Jennifer Reeder reflects on history as theology. Reeder is a historian and writer, currently the nineteenth-century women’s history specialist at the Church History Department the Church of Jesus Christ of Latter-day Saints. This post is part of a series of reflections about the 2019 Latter-day Saint Theology Seminar. See the rest here.
I have never considered myself a theologian. I am a trained historian: I scrutinize sources, analyze context, and interpret change over time. My work on nineteenth-century women of the Church of Jesus Christ of Latter-day Saints is source-based. I dig through minute books, correspondence, diaries, and newspapers to find their voices and research their biographical information. I weigh words and measure time. I look for patterns and connections among people and places.
Our study of Doctrine and Covenants section 25 at the Latter-day Saint Theology Seminar came at a propitious time. I’ve had on the side burner an Emma Smith project, and those two weeks in New York City pulled me back into the thick of things, but with a new theological lens. I found my brain stretching and expanding well beyond my typical historical worldview. Rather, I found myself—and Emma—in a crash course of theology, ecclesiology, Christology, soteriology, eschatology, and so many other foreign -ologies. Theology was a new language for me.
And yet it was the same Emma. Emma who was born in a well-to-do family on a bend of the Susquehanna River in Pennsylvania. Emma who married Joseph against her father’s wishes, and who stood with him through thick and thin. Emma who collected hymns and presided over the Relief Society. Emma who struggled deeply with polygamy. Emma who stayed with her dear husband’s body while the corpus of Saints followed Brigham Young to the mountains.
But this was also an Emma who read and understood scripture, and who became an invaluable partner to Joseph in developing restorationist theology in the latter days. This was an Emma who had an intensely specific and personal relationship with the Lord, who was both called to repentance and granted an office, ordained to expound scripture and exhort the church. This Emma was both an Elect Lady and the Lady Elect, who stood for and as the church in a sacred marriage to the Bride Groom. And this same Emma who was to lay aside the things of this world and receive a crown of righteousness. This significant historical figure was also a significant theologian.
I loved adding incredibly potent perspectives from our resident experts: musicologist, theologians, literary critics, documentary archivist, and historians. Together we extrapolated meaning from words and how they changed in various editions as well as contextual usage. Layers and layers of possibilities and shifts, revealing tensions and collusions. Alternate meanings shook me into metaphorical brain explosions and transported me to new dimensions.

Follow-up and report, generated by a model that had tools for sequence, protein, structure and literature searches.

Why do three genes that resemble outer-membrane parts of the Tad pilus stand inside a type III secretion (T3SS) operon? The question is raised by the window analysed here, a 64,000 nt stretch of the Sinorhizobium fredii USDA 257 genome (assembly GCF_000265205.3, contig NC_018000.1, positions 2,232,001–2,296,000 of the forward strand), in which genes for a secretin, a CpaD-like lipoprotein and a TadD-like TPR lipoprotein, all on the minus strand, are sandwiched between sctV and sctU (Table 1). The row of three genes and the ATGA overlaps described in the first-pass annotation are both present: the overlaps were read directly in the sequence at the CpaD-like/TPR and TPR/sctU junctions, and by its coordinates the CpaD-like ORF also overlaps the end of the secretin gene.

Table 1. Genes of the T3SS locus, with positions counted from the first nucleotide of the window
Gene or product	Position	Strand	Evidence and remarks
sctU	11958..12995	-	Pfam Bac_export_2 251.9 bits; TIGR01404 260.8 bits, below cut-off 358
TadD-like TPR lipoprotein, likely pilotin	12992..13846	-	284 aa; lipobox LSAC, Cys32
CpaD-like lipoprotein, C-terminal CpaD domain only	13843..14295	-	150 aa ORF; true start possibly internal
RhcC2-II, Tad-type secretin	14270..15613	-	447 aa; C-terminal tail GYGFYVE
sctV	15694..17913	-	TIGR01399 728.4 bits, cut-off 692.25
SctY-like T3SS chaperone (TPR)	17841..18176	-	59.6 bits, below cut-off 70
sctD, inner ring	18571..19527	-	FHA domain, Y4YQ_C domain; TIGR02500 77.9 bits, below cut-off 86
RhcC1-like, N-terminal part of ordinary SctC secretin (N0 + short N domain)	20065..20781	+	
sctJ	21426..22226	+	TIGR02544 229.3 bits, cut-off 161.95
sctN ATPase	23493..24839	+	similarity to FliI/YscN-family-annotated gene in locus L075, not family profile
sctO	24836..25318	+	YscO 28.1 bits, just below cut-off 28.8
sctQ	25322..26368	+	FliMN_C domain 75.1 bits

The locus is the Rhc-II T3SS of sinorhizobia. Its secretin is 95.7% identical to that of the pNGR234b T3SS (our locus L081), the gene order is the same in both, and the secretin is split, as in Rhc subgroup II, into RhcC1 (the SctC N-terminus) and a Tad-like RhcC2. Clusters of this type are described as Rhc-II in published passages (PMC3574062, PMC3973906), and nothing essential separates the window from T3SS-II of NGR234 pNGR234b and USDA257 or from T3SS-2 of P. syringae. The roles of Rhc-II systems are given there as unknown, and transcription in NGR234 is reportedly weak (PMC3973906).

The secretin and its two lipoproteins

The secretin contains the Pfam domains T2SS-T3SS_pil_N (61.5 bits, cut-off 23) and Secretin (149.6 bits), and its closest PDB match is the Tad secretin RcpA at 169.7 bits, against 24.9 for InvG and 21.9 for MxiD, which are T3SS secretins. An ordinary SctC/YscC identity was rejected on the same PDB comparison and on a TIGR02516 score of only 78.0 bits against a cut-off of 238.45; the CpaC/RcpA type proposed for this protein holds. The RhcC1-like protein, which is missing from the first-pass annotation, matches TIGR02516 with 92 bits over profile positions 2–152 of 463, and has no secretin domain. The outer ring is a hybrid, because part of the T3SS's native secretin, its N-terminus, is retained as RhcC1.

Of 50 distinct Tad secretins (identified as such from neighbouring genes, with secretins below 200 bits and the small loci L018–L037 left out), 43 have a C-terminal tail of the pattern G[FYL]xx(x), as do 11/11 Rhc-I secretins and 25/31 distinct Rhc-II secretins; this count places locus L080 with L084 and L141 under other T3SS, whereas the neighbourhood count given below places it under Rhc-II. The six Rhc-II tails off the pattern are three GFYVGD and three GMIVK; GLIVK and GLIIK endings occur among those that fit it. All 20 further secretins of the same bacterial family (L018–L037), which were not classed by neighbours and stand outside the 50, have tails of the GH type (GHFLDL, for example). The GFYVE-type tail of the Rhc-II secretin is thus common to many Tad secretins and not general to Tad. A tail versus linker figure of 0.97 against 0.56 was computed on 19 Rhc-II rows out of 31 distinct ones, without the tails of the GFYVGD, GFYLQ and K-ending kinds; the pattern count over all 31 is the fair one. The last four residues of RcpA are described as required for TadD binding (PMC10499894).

We talked about the physicality of these sixteen verses: hearing a voice, feet who walk, ordained under hands, a delighting soul, a vocal song, a blessing upon the head, with the Lord and Emma as both subject and direct object. The actionality and the direction: hearkening, peaking, receiving, giving, preserving, murmuring, seeing, comforting, consoling, scribing, expounding, exhorting, fearing, supporting, revealing, laying aside, seeking, giving, pleasing, delighting, praying, lifting up, cleaving, continuing, keeping. Emma does the same thing the Lord does.
We discussed what was not present: things not seen, things withheld, the things of this world. There are promises and warnings, gifts and assignments, as well as relationships seen in infinite ways. Emma. The Church. Her husband. The prophet. God. And forms of worship: song, prayer, scripture, service, obedience, study, comfort.
I discovered that I am, after all, a historian. I can’t separate the Emma who comforts Joseph in his afflictions from the Emma who led the Relief Society, providing relief and saving souls. But I am also a theologian. I see how words and promises and relationships transcend time and space, how doctrinal metaphors provide meaning and mission, how identity is shaped and stretched well beyond words on a manuscript, changing my own perception of my place and role in the great cosmos. And I realize that theological Emma cannot be separated from historical Emma. She is a historical figure because of her theological role, and a theological figure because of her life experience pinning her down in a specific time.